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Trek Tech Pass me the quantum flux regulator, will you?

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Old August 6 2010, 08:30 AM   #16
Timo
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Re: Replicator resolution

...But the EMH could replicate new brain stem nerves for Ptera in "Emanations", restoring her back to life.

Also, the technique used for repairing Worf's spine in "Ethics" sounded suspiciously like replication, even though the name "genetronic replicator" may in fact be misleading.

There obviously are degrees to what can be done, not strict categories. New brain stems are okay, even with the resources of a damaged and stranded starship, but new lungs for Neelix are not. A culinary obsessive might insist on 100% lifelike steaks and get what he wants, but at high cost; somebody else would accept the same taste and texture as achieved by different means, through replicating something that's only 20% like real steak but features suitable "cheats" to enhance/"restore" the taste and texture to match natural.

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Old August 7 2010, 05:11 AM   #17
Crazy Eddie
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Re: Replicator resolution

Timo wrote: View Post
...But the EMH could replicate new brain stem nerves for Ptera in "Emanations", restoring her back to life.
Though I once again remind you and everyone involved to take Voyager technobabble with a bucket of salt.

Remember that in "Ethics" Dr. Russel's technique is complicated enough that Doctor Crusher considers it more of a dice roll than solid science; in the end, the only reason it worked at all is because Klingons turn out to be really hard to kill.

IMO, the whole "genetronic replication" thing is the exception that proves the rule why living tissue can't be replicated. I would theorize that the technique only worked because it gave Worf's central nervous system something of a scaffold to rebuild itself, using the replicated tissue more as a suture or a splint than actual replacement tissue.

There obviously are degrees to what can be done, not strict categories. New brain stems are okay, even with the resources of a damaged and stranded starship, but new lungs for Neelix are not.
I'm of the opinion that "new brain cells" in this case is actually a bit of cybernetics. Probably the things being replicated were ARTIFICIAL brain cells, something similar in function (but vastly less sophisticated) to the microcircuitry in Data's brain. Like Picard's artificial heart, but on a microscopic scale.

A culinary obsessive might insist on 100% lifelike steaks and get what he wants, but at high cost; somebody else would accept the same taste and texture as achieved by different means, through replicating something that's only 20% like real steak but features suitable "cheats" to enhance/"restore" the taste and texture to match natural.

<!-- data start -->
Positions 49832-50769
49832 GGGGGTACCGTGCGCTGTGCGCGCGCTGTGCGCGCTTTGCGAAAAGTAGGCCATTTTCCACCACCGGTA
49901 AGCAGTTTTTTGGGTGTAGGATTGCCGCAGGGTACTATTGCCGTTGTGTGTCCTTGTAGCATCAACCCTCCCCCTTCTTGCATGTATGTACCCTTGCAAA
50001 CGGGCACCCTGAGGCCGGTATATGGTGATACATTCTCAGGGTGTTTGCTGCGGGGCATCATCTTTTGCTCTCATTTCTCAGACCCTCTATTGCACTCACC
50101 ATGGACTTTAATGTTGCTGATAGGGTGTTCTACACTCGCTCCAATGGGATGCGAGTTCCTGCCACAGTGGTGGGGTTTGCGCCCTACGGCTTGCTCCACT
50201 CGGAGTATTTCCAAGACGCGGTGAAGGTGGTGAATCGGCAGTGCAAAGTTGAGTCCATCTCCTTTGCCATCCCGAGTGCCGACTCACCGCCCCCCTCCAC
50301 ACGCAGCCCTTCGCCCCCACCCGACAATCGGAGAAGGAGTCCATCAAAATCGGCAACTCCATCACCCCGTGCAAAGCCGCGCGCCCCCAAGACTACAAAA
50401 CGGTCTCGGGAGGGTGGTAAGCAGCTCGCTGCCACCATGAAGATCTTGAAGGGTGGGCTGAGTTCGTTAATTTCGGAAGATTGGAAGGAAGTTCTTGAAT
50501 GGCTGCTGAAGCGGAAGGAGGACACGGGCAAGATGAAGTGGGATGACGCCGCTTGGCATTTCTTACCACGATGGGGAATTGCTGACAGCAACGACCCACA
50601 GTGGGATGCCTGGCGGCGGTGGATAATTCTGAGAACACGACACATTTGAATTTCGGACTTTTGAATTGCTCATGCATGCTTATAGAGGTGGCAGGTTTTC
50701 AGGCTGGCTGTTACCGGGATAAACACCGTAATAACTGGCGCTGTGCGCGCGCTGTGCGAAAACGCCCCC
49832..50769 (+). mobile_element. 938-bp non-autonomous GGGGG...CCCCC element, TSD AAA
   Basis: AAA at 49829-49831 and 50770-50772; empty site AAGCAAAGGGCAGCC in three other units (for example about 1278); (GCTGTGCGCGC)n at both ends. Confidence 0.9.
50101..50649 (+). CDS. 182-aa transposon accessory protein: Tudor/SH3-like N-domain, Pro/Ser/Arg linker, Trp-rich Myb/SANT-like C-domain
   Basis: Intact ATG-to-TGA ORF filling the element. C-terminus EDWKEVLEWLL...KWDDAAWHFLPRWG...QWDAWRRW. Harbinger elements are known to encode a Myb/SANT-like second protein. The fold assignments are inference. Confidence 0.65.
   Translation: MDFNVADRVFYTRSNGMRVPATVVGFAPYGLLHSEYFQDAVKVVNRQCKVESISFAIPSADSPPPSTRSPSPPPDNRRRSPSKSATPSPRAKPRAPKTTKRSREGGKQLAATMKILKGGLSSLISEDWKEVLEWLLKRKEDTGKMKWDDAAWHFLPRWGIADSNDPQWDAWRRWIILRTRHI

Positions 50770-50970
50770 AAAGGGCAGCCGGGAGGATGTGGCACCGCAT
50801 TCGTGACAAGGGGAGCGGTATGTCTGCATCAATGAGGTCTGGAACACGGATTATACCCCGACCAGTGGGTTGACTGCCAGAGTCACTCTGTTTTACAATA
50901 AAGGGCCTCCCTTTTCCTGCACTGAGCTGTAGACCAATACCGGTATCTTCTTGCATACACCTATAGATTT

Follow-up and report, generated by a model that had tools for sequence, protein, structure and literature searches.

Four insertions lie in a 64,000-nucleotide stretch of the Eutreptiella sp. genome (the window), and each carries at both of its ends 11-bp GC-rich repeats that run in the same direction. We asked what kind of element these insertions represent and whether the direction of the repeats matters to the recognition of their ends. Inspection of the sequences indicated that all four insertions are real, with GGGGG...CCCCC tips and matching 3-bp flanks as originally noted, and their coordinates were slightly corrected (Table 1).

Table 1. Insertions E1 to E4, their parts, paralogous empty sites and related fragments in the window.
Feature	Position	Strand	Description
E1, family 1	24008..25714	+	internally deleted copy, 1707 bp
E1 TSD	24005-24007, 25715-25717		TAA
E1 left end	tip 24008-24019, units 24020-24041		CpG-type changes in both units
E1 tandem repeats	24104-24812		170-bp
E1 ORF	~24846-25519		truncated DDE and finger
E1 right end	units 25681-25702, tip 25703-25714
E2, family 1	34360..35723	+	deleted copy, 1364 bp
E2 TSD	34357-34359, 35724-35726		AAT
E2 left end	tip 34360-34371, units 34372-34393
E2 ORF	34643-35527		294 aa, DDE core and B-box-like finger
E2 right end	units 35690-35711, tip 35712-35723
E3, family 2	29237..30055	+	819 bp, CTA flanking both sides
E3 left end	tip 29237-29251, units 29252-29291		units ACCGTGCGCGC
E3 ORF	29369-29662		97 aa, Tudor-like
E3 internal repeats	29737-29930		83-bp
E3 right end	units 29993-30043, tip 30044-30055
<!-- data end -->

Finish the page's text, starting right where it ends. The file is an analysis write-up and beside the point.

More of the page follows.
Stop me if I'm wrong, but isn't this ALREADY the case with real/artificial food substances? Most people I know can't tell the difference between real and imitation crab meat if they're not eating them side by side. Same with regular milk vs. soy milk (in fact most people think soymilk tastes better than skim milk by an order of magnitude). We already have lots of techniques for reprocessing raw protein from a variety of sources into something that tastes like something else, but real cooks--my wife, for example--can always tell the difference.
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Old August 7 2010, 01:13 PM   #18
Timo
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Re: Replicator resolution

Though I once again remind you and everyone involved to take Voyager technobabble with a bucket of salt.
Naah. The only correct way to do it is to ignore all the episodes with an H in the title, plus all the Fibonacci-numbered movies.

Stop me if I'm wrong, but isn't this ALREADY the case with real/artificial food substances?
Exactly. Although whether one could tell the difference in a blind test is probably going to be a bit different in the 24th century: a substitute can probably be created that is either identical in taste and texture to the real thing, or then superior. By that time, we'll simply know our customers better (better than now, better than they know themselves, etc.) and create the substitutes accordingly. The limits of technology probably won't be met before we run into the limits of our own senses.

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Old August 13 2010, 08:08 PM   #19
Meredith
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Re: Replicator resolution

SoM wrote: View Post
Mytran wrote: View Post
If it was as simple as pressing a few buttons, why would characters make a big deal of "real" food being superior in taste? Anyone who wanted genuine-quality food could get it for the cost of a few extra keystrokes!
Because if they can store 25+ recipe patterns of perfectly adequate quality @ molecular resolution, or one (1) superior (transporter-quality) pattern for just one dish... they'll take the 25+ options.

Even in the 24th century, computer memory isn't infinite - look at what happens when they have to store Sisko, Jazdia, Kira, Worf and O'Brien's transporter patterns in computer memory in DS9: "Our Man Bashir." They have to wipe most of the station's memory to do it! There simply isn't the "hard disk" space to waste on going to the quantum scale on a chilli con carne.

In the 24th Century Moore's Law is clearly dead......
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